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Picturesque Palestine, Sinai, and Egypt, Vol. 2
Page 454
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Wilson, Charles William, Sir. Picturesque Palestine, Sinai, and Egypt, Vol. 2 - Page 454. 1883. Kenneth Franzheim II Rare Books Room, William R. Jenkins Architecture and Art Library, University of Houston Libraries. University of Houston Digital Library. Web. August 3, 2020. https://digital.lib.uh.edu/collection/exotic/item/543/show/516.

Disclaimer: This is a general citation for reference purposes. Please consult the most recent edition of your style manual for the proper formatting of the type of source you are citing. If the date given in the citation does not match the date on the digital item, use the more accurate date below the digital item.

Wilson, Charles William, Sir. (1883). Picturesque Palestine, Sinai, and Egypt, Vol. 2 - Page 454. Exotic Impressions, Views of Foreign Lands. Kenneth Franzheim II Rare Books Room, William R. Jenkins Architecture and Art Library, University of Houston Libraries. Retrieved from https://digital.lib.uh.edu/collection/exotic/item/543/show/516

Disclaimer: This is a general citation for reference purposes. Please consult the most recent edition of your style manual for the proper formatting of the type of source you are citing. If the date given in the citation does not match the date on the digital item, use the more accurate date below the digital item.

Wilson, Charles William, Sir, Picturesque Palestine, Sinai, and Egypt, Vol. 2 - Page 454, 1883, Exotic Impressions, Views of Foreign Lands, Kenneth Franzheim II Rare Books Room, William R. Jenkins Architecture and Art Library, University of Houston Libraries, accessed August 3, 2020, https://digital.lib.uh.edu/collection/exotic/item/543/show/516.

Disclaimer: This is a general citation for reference purposes. Please consult the most recent edition of your style manual for the proper formatting of the type of source you are citing. If the date given in the citation does not match the date on the digital item, use the more accurate date below the digital item.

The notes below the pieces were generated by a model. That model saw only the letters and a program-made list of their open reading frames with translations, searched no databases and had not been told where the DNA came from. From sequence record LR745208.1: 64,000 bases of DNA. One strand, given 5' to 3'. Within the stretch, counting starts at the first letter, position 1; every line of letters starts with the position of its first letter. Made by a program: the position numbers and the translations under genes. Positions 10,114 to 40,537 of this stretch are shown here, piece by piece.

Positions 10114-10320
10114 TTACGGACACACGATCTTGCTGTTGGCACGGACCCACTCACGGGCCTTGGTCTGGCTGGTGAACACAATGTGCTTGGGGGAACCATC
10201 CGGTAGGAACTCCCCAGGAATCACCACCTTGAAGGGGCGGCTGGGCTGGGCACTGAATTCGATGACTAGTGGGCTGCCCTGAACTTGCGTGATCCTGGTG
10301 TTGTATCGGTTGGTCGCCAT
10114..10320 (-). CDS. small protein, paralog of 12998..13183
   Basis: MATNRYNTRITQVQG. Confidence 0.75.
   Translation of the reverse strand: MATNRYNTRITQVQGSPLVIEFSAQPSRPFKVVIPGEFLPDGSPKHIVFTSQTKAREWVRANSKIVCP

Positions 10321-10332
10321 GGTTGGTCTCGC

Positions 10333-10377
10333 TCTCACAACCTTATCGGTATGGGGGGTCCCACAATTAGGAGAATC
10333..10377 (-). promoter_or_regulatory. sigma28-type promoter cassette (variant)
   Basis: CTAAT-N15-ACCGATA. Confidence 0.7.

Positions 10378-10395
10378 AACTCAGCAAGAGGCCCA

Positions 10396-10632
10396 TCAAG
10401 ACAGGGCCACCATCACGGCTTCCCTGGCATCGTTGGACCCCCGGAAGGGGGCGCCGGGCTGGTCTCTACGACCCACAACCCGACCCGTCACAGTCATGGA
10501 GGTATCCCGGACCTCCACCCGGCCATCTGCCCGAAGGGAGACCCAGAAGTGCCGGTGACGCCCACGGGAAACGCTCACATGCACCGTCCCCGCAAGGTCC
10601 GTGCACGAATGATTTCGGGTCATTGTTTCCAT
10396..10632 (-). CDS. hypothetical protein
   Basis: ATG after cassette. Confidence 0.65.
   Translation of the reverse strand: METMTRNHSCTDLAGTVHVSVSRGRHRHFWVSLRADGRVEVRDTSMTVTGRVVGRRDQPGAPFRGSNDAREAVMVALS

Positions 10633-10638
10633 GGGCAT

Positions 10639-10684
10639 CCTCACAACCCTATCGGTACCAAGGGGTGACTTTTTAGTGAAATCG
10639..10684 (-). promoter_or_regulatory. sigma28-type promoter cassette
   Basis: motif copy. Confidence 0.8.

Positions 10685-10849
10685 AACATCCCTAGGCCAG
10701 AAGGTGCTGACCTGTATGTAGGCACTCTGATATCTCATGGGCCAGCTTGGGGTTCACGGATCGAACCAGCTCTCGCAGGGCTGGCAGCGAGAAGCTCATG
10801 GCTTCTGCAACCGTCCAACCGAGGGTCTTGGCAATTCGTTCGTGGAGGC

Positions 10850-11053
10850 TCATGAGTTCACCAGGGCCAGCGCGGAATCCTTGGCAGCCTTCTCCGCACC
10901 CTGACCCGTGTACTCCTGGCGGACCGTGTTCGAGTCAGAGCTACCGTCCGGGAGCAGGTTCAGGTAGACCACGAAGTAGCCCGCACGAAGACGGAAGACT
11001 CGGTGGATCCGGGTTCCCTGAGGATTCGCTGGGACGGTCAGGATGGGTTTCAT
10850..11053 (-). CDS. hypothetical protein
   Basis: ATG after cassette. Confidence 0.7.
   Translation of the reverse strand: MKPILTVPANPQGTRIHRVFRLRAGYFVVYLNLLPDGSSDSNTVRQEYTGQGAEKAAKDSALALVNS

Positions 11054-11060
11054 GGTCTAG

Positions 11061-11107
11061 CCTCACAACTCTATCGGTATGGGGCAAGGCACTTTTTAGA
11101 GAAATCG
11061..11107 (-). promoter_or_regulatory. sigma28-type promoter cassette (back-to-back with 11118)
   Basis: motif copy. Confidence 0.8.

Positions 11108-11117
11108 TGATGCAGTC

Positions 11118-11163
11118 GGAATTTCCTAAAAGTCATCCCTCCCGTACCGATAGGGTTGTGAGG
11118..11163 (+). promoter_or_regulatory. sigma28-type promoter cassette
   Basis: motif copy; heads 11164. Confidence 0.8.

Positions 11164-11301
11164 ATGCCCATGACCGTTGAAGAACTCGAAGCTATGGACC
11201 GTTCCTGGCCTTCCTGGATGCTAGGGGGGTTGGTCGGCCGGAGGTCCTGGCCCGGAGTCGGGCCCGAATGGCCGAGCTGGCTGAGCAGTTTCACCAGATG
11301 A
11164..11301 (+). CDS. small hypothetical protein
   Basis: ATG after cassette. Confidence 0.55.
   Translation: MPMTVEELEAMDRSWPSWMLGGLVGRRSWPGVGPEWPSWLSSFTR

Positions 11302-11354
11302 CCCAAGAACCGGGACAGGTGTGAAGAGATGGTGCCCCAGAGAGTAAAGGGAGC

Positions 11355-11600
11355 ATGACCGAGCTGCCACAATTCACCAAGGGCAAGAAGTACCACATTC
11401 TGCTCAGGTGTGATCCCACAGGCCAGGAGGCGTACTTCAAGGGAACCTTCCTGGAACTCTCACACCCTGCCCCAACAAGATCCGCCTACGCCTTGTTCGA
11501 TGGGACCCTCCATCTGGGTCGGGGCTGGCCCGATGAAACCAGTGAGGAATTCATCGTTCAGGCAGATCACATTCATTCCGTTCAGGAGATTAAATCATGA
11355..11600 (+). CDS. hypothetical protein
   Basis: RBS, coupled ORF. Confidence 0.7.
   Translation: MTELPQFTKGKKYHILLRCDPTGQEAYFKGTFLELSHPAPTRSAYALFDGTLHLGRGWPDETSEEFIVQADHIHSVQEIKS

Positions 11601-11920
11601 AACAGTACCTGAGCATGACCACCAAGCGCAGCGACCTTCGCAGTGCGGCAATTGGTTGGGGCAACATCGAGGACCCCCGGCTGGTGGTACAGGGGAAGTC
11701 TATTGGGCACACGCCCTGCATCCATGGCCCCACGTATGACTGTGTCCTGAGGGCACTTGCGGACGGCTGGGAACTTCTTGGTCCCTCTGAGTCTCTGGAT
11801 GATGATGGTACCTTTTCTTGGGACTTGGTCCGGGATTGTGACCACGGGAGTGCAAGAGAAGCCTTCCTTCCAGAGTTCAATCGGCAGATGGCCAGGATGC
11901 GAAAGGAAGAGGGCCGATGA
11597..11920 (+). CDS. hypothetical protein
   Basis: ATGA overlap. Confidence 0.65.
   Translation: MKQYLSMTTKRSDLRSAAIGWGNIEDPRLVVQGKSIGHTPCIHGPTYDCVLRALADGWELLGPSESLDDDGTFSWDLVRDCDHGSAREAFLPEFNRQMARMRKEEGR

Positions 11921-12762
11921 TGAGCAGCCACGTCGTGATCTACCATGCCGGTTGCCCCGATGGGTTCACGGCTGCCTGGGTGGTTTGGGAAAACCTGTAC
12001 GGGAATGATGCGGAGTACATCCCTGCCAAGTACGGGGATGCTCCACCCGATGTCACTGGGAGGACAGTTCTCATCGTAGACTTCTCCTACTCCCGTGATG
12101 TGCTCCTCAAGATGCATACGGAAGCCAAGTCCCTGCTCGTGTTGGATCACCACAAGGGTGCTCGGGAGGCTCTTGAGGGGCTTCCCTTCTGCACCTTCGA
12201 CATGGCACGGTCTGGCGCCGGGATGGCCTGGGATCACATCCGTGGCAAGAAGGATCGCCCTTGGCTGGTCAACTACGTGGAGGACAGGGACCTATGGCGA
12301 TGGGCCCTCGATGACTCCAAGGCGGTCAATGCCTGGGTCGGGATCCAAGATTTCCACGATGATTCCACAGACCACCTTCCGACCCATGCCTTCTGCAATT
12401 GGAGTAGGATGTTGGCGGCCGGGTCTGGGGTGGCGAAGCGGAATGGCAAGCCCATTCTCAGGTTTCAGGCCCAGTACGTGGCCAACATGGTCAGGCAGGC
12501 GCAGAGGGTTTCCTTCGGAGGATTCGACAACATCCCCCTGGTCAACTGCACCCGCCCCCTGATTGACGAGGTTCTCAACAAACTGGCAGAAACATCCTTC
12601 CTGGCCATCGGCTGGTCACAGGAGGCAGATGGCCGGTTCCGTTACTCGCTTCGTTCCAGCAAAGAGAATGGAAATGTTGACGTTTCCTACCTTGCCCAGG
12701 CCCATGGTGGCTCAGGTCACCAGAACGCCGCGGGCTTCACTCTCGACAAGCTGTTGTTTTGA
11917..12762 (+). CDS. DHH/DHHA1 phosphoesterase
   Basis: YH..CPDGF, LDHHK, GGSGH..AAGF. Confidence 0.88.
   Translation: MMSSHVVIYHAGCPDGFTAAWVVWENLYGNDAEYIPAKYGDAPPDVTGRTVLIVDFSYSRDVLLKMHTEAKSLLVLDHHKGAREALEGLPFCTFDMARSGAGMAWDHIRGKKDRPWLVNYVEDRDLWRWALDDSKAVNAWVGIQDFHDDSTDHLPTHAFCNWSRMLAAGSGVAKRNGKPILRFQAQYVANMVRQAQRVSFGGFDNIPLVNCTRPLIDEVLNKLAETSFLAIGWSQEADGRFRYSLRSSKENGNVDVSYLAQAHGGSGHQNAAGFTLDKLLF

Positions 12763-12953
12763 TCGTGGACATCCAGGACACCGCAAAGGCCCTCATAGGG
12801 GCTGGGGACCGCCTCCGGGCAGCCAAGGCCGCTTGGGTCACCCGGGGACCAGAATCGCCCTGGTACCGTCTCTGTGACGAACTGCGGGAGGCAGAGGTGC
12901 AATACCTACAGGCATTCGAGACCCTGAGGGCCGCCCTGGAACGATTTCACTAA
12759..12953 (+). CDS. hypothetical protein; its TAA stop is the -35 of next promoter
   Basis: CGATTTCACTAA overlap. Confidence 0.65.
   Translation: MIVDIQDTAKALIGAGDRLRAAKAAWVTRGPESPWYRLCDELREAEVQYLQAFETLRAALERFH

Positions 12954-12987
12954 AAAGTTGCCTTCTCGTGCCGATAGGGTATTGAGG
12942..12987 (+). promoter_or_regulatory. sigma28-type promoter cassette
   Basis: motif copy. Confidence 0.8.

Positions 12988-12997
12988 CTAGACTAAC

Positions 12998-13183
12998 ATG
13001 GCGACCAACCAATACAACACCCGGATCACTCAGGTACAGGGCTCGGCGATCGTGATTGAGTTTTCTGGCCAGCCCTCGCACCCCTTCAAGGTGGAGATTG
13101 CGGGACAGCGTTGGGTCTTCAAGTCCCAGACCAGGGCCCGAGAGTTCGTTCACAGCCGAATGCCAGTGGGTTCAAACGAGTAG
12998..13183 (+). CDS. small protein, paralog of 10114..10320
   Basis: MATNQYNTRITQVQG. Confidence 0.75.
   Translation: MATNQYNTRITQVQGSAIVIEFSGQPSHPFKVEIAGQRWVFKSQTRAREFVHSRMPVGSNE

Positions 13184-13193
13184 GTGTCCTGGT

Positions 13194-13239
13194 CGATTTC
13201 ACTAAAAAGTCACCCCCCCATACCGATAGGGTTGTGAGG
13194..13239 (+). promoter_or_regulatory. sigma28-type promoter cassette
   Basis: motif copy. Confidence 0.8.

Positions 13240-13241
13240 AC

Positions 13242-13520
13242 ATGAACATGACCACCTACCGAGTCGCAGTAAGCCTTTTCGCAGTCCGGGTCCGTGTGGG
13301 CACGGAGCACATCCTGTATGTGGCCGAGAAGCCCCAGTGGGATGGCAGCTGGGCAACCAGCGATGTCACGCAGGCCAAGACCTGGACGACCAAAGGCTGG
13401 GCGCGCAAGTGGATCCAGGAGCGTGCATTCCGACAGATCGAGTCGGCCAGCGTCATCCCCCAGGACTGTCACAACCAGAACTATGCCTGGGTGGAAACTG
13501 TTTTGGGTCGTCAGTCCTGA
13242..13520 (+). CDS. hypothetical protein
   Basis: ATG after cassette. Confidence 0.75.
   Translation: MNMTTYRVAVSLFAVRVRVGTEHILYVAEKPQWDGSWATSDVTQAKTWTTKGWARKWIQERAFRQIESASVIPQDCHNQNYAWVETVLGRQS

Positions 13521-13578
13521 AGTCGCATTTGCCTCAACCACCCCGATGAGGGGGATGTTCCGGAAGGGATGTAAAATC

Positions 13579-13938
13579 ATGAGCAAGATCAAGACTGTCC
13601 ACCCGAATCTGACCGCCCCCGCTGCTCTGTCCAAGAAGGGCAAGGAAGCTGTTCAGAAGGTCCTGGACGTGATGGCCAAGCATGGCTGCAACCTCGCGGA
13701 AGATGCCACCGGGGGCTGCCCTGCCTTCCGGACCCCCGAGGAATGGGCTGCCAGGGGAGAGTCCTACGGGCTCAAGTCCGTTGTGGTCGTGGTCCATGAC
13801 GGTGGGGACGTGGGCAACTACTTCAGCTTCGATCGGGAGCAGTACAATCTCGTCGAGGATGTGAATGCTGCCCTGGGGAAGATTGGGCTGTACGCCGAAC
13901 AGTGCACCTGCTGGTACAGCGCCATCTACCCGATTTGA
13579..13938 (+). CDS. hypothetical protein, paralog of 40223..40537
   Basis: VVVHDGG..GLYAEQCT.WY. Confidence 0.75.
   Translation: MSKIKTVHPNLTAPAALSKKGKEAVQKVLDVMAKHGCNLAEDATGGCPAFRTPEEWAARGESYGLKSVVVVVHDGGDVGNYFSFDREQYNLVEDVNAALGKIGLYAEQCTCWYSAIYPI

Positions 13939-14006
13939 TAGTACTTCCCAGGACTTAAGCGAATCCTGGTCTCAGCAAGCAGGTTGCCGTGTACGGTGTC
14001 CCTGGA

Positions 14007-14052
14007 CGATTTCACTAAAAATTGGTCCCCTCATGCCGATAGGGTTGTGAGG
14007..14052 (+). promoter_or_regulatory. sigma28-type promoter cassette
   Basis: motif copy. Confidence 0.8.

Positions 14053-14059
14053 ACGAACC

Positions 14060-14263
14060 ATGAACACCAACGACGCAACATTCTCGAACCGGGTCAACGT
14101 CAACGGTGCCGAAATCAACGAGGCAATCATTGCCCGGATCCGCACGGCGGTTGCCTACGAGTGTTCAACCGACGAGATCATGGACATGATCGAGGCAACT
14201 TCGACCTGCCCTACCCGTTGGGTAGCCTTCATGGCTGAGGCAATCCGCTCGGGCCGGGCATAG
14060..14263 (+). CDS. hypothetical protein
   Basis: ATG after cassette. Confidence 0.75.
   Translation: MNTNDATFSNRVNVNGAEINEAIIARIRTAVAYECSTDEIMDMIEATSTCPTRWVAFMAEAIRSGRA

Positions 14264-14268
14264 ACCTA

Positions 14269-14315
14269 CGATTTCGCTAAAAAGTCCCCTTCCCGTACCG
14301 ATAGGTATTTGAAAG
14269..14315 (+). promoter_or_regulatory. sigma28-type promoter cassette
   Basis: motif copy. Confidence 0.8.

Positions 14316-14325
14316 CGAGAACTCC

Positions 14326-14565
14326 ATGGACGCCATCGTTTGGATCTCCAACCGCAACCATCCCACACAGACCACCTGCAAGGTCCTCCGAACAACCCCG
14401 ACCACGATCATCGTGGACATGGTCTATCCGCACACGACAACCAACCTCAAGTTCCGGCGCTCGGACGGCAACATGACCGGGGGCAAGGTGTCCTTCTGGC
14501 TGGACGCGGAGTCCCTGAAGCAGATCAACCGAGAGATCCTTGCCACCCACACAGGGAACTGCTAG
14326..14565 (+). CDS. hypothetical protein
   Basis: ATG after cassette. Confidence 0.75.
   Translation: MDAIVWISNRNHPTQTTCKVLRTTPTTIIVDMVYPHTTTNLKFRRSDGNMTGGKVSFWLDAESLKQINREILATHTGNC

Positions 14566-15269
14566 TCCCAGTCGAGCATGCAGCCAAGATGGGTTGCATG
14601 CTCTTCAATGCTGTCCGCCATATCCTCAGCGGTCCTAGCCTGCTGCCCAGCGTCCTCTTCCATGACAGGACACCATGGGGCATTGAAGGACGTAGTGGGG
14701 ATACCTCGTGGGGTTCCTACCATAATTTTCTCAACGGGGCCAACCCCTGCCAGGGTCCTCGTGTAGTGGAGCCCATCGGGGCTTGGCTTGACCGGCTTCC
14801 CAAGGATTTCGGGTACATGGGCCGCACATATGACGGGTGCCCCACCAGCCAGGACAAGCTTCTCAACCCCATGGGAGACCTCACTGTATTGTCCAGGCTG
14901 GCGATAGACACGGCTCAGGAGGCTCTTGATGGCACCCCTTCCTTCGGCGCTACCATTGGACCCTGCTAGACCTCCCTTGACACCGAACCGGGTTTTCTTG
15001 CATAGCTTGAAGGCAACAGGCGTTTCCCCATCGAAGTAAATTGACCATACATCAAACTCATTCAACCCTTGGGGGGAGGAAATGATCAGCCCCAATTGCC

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Compound Item Description
Title Picturesque Palestine, Sinai, and Egypt, Vol. 2
Creator (LCNAF)
  • Wilson, Charles William, Sir
Publisher D. Appleton and Company
Date 1883
Description Index: Phoenicia and Lebanon / by the Rev. H. W. Jessup -- The Phoenician plain / by the Rev. Canon Tristram -- Acre, the key of Palestine, Mount Carmel and the river Kishon, Maritime cities and plains of Palestine / by Miss M. E. Rogers -- Lydda and Ramleh, Philistia / By Lt. Col. Warren -- The south country of Judaea / by the Rev. Canon Tristram -- The southern borderland and Dead Sea / by Professor Palmer -- Mount Hor and the cliffs of Edom, The convent of St. Catherine / by Miss M. E. Rogers -- Sinai / by the Rev. C. P. Clarke -- The land of Goshen, Cairo, Memphis, Thebes, Edfu and Philae / by S. Lane-Poole.
Subject.Geographic (TGN)
  • Egypt
  • Palestine
  • Sinai Peninsula
Genre (AAT)
  • books
  • illustrations (layout features)
  • plates (illustrations)
  • maps (documents)
Language English
Type (DCMI)
  • Text
Original Item Location DS107 .W73 v.2
Original Item URL http://library.uh.edu/record=b1703789~S11
Digital Collection Exotic Impressions: Views of Foreign Lands
Digital Collection URL http://digital.lib.uh.edu/collection/exotic
Repository Kenneth Franzheim II Rare Books Room, William R. Jenkins Architecture and Art Library, University of Houston Libraries
Repository URL http://info.lib.uh.edu/about/campus-libraries-collections/william-r-jenkins-architecture-art-library
Use and Reproduction No Copyright - United States
Identifier exotic_201304_015
Item Description
Title Page 454
Format (IMT)
  • image/jpeg
File Name exotic_201304_015_482.jpg
Transcript THE DOM PALM. Groups of these eccentric-looking trees form a characteristic feature of the scenery of Upper Egypt. They are not found south of the Thebaid. EDFU AND PHILE. A BOVE Thebes the hills again close upon the river and the valley resumes its narrow *- aspect. Indeed for the greater part of the way from Thebes to the First Cataract, and throughout Nubia, the hills hedge in the Nile so closely that there is scarcely room for any cultivation. Instead of the green plain one sees at Asyut or Abydos or Thebes, the upper valley of the Nile consists in a mere ribbon of vegetation, and often nothing beyond the sloping bank itself is cultivated. For miles a strip of green a yard wide and a fringe of palms behind form the sole relief to the brown mountain background, and it would be easy, one would think, to become the owner of a degree of latitude hereabouts for a trifling consideration. Egypt, in fact, can hardly be said to exist in the upper course of the Nile. Instead of the frequent villages that met the eye every half-hour in the voyage below Thebes, a whole morning may be passed on the steamer's deck above Thebes without the sight of a human habitation. There is no land to cultivate and consequently no means of supporting a population. Here and there a shaduf may be seen at work, but the incessant toil of the handsome brown figures that work it is ill repaid by the meagre vegetation that springs up in scant\ patches near the machine. A narrow streak of brown river, running between banks of rugged and precipitous hills, and encouraging only at very rare intervals the growth of sparse crops and the settlement of a sparse population —such is Egypt above Thebes. The change from the fertile and populous plains of the lower Nile to the barren valley